When disputes arise – around any topic – it’s helpful for the couple to examine their own and their partner’s values, relationship goals, life priorities and their relationship’s level of intimacy, identify the gaps and begin resolving their issues from that point.  This is a good time to remember that being right or wrong is not the issue at hand and, rather, finding common ground and re-alignment is the goal.

With respect to in-laws, I do (embarrassedly) need to paraphrase advice I once heard Dr. Phil dispense, which I thought had a lot of merit to it.  Whatever the nature of the conflict is between you and your in-laws, it should always be the responsible of your partner to mediate with their own parents, and you with yours.  In other words, you should never be put in a position where you have to “battle it out” with your in-laws, and vice versa.   Doing it Dr. Phil’s way demonstrates unity and alleviates tension between spouses and their in-laws…perhaps at the expense of your partner…but that is, unfortunately, a reality of being in a healthy, committed relationship.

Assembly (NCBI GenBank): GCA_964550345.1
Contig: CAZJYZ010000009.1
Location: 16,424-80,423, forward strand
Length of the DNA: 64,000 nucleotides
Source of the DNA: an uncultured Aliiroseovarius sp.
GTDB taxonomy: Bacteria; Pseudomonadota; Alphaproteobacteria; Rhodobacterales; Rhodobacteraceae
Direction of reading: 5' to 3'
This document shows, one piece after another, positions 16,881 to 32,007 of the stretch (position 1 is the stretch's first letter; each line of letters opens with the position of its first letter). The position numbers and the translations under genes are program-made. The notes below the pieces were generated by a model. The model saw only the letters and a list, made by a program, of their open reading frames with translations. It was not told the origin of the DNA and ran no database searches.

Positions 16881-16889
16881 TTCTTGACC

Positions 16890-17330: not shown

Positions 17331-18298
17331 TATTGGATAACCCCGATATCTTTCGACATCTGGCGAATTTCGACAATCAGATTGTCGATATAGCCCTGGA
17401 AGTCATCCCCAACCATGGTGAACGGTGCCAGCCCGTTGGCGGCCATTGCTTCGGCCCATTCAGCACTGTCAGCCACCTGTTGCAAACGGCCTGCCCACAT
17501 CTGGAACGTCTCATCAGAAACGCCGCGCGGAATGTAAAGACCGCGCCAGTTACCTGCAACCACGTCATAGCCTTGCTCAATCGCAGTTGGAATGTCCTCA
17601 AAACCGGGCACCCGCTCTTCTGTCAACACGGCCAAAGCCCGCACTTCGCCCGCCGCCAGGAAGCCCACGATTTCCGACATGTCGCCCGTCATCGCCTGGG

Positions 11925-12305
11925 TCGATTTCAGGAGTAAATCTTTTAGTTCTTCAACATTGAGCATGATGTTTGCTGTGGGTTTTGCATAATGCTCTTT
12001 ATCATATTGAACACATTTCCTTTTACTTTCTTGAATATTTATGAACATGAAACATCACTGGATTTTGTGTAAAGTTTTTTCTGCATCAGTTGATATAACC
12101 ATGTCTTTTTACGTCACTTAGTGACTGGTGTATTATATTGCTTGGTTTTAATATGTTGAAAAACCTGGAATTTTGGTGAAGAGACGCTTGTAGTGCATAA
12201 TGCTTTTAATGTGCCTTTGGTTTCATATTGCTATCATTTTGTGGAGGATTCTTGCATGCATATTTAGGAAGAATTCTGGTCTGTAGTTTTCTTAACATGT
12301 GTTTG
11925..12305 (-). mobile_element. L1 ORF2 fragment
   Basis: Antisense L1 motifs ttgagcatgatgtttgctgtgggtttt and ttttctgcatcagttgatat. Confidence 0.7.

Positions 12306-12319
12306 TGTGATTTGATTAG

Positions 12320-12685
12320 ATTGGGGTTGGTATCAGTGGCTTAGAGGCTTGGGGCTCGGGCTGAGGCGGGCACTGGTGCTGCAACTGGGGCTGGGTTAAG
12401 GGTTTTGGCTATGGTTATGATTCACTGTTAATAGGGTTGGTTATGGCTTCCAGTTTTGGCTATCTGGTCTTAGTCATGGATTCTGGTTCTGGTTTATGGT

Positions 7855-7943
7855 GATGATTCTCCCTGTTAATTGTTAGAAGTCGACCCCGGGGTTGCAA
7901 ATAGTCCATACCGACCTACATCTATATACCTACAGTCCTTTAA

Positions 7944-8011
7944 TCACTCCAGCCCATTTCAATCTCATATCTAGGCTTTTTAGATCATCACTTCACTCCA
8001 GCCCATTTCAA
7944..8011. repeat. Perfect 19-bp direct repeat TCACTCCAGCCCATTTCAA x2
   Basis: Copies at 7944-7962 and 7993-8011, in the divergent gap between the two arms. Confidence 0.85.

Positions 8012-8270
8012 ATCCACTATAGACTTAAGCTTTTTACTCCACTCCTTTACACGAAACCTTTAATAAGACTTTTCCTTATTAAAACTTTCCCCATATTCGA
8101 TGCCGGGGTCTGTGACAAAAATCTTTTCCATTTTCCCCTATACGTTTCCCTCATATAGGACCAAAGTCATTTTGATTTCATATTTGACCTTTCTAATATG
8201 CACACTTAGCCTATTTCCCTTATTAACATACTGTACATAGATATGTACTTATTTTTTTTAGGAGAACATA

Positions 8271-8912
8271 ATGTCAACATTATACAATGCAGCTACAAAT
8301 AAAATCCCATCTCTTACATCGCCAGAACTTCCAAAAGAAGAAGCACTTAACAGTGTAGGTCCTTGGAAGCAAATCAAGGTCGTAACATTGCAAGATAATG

5.  Communication:

One of the learnings I’ve had in my current relationship is that there is a big difference between being articulate and being an effective communicator.  Just because you are able to articulate how you are feeling eloquently and clearly does not necessarily mean that it’s going to lead to effective communication.

Communication – in many people’s minds – means talking to each other.  A key success factor that is often lacking, and misunderstood, is the equal importance of listening…specifically “active listening”.  Active listening is a skill that few possess but that can easily be practiced and mastered.  For more information on Active Listening please check out this link:  http://en.wikipedia.org/wiki/Active_listening or Google the term and find a website that resonates with you.

  1. In my experience – both professionally and personally – effective, frequent and consistent communication is the cornerstone of all successful relationships.  Here are some tips for you and your partner to try, to improve or fix your communications with each other: